Christie’s International is planning its first fair to be held during Frieze Week, when London becomes the capital of the contemporary-art world.
U.K.-based Christie’s is joining the drive to attract the 60,000 dealers and collectors that are expected by organizers of the Frieze Art Fair, which is devoted to galleries that deal primarily in original contemporary works. Christie’s already holds its own auctions during October, along with its rivals Sotheby’s and Phillips de Pury & Co.
“Multiplied,” an event devoted to contemporary prints, editions and photographs, will take place at Christie’s, South Kensington, from Oct. 15 to 18.
“Editioned works can be shown at Frieze,” Charles Booth-Clibborn, director of the London-based Paragon Press, said in an interview. “They just don’t give booths to people who publish them.”
Paragon, which commissions and publishes prints by artists such as Damien Hirst, Grayson Perry and Anish Kapoor, intends to be one of more than 30 exhibitors at Christie’s fair, Booth-Clibborn said. “It’s a perfect venue, it’s a good time and it’s nice to get another fair in London,” he said.
The model for the event is the annual Editions/Artists’ Book Fair in New York, Richard Lloyd, Christie’s international head of prints, said in an e-mail.
“I was inspired to stage something similar in London and help to create a buzz and a platform for the very best in contemporary publishing,” said Lloyd. “Christie’s isn’t taking any percentage of the sales; stands are very competitively priced and entry to the fair is free.”
Christie’s has participated in international art fairs. In March 2007, the company exhibited as King Street Fine Art Ltd. at Tefaf, Maastricht. Christie’s wholly owned subsidiary Haunch of Venison has exhibited at the Netherlands-based fair since 2008, having been excluded from Art Basel, Art Basel Miami Beach and Frieze.
The Moniker International Art Fair will be another newcomer during Frieze Week. The Oct. 14-17 event in the disused warehouse setting of the Village Underground in east London will provide spaces for 12 galleries specializing in urban art.
New Image Art and LeBasse, both from Los Angeles, Circleculture Gallery from Berlin and London-based Black Rat Press are among the exhibitors, said Vanessa Vainio, the fair’s spokeswoman.
“In the U.K. there’s either Frieze or traditional fairs,” Mike Snelle, the director of Black Rat Press, said in an interview. “There’s a gap for galleries that do exciting things with urban art.”
Dealers are waiting for news on the established Frieze Week satellite event, Zoo.
“Zoo Art Enterprises will not be starting an application procedure for an October 2010 event and are therefore not accepting any unsolicited applications for exhibitors at this stage,” the organization said on its website. “We are currently finalizing plans for October’s event and will publish further news shortly.” Calls to the event’s office were not answered.
The New York-based SCOPE Art Show has yet to announce whether it will be holding a fair in London this year, after taking a break in 2009.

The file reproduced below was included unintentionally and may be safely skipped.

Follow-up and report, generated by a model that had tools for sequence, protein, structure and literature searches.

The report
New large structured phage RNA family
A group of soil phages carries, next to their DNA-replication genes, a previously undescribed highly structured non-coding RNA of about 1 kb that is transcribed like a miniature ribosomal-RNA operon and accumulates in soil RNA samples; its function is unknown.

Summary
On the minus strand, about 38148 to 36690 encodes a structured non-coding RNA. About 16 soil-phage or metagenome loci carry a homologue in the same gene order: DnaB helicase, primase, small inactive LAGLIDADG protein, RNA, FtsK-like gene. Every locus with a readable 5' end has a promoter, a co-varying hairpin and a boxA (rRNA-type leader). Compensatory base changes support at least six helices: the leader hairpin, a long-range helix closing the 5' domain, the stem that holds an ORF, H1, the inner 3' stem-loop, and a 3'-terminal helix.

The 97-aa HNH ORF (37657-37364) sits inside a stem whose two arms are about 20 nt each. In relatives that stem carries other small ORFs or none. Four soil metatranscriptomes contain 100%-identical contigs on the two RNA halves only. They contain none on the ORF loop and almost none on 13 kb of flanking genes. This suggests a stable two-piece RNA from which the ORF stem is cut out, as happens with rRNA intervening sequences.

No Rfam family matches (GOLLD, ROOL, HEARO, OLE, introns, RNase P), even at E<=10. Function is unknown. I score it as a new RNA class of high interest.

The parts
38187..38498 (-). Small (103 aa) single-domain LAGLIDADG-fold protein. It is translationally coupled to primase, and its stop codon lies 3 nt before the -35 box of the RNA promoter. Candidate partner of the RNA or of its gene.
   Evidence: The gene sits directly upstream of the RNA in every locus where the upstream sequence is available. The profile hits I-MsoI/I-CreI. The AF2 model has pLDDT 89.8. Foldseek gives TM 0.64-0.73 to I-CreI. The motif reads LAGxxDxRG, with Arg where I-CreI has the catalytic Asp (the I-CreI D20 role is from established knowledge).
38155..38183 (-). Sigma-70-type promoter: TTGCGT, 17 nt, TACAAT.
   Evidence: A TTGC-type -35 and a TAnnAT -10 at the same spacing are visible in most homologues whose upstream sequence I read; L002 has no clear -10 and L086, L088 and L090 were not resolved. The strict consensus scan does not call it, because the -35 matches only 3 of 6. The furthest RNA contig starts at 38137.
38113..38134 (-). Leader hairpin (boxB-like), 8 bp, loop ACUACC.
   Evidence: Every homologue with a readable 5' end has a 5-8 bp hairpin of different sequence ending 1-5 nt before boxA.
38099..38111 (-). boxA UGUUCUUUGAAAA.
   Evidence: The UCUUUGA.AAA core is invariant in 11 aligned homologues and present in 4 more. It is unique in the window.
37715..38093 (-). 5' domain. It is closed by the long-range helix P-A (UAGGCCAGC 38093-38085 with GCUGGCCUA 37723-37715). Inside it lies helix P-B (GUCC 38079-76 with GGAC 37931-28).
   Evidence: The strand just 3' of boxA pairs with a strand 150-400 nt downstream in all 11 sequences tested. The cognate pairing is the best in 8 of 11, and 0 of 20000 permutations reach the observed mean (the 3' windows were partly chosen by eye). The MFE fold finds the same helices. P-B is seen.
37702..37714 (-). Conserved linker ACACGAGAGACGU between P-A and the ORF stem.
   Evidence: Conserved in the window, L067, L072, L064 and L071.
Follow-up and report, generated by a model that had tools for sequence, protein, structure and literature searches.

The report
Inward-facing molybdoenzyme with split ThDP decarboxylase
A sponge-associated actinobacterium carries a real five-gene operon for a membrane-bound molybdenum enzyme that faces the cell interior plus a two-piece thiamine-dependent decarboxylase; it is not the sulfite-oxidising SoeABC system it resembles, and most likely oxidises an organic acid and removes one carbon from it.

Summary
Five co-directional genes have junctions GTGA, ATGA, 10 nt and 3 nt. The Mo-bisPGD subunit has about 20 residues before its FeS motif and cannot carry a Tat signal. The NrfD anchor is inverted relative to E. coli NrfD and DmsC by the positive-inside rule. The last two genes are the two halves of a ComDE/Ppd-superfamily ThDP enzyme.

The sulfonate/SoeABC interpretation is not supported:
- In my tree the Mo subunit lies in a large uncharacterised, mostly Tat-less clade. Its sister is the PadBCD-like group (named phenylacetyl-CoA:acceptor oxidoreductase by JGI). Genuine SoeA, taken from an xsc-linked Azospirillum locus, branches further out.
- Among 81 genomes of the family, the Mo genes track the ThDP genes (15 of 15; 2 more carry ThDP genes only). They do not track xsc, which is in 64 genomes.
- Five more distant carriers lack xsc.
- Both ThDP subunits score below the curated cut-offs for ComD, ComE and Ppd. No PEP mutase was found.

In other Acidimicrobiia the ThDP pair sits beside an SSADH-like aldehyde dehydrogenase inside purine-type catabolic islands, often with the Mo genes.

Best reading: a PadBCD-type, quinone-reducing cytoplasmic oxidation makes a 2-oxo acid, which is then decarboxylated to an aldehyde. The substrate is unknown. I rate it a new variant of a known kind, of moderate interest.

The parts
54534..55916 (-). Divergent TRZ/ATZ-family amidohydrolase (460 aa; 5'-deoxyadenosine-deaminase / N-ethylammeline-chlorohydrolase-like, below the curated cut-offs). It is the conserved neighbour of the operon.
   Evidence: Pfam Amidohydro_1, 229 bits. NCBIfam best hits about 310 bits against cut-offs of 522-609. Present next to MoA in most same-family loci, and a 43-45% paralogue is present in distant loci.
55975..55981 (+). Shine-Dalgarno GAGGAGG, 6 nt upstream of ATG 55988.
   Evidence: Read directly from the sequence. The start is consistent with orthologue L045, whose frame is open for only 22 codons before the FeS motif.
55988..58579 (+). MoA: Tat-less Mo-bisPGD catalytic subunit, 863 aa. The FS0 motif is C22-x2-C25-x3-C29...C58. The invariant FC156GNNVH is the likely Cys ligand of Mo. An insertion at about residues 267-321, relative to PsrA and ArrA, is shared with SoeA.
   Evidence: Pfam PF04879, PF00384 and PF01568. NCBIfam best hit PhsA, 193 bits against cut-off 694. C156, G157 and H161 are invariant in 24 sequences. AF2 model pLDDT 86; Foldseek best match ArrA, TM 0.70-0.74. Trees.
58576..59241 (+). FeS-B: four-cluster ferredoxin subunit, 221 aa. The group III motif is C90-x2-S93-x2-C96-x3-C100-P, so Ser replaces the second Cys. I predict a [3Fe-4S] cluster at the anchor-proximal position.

“We’re undecided. There’s nothing to confirm for 2010,” said a company spokeswoman, reached by phone, who declined to give her name.
The fourth edition of Pavilion of Art & Design London will be held in Berkeley Square from Oct. 13 to Oct. 17. The fair features 50 dealers in modern art, design and decorative arts.
Meanwhile, more than 100 dealers are applying to exhibit at next summer’s Masterpiece fair in London. Last month’s first edition drew encouraging sales, said organizers, with the 18,000 visitors including Rolling Stone Mick Jagger and actor Michael Caine.
Masterpiece was held from June 24 to 29 in a temporary structure in Chelsea with a facade inspired by Christopher Wren’s neighboring Royal Hospital. The event’s 118 dealers aimed to fill the void created by last year’s closure of the Grosvenor House Art & Antiques Fair. They offered a mix of luxury items including a 1927 Bentley car, a 2.61-carat pink diamond and an 1887 billiard table made for Queen Victoria’s Jubilee.
“They got it spot on,” said the London-based Asian art specialist John Berwald, who listed an 8th-century Tang pottery jar priced at 80,000 pounds among pieces sold at the fair. “The fair looked good and the quality mix was tremendous. Within one year, it’s come right to the top of the London tree and is up there with the Paris Biennale and Tefaf.”
Masterpiece 2011 will be held in the gardens of the Royal Hospital, the venue of the Royal Horticultural Society’s Chelsea Flower Show. Next year’s space will expand by 40 percent, with as many as 60 more exhibitors.
“We’re getting three to four applications every day,” Thomas Woodham-Smith, chairman of the fair, said in an interview. “Not everyone will be coming back, and not everyone will want to come back. We’re determined not to focus on any one discipline. The great thing about Masterpiece was you didn’t know what you were going to see.”
(Scott Reyburn writes about the art market for Muse, the arts and culture section of Bloomberg News. Opinions expressed are his own.)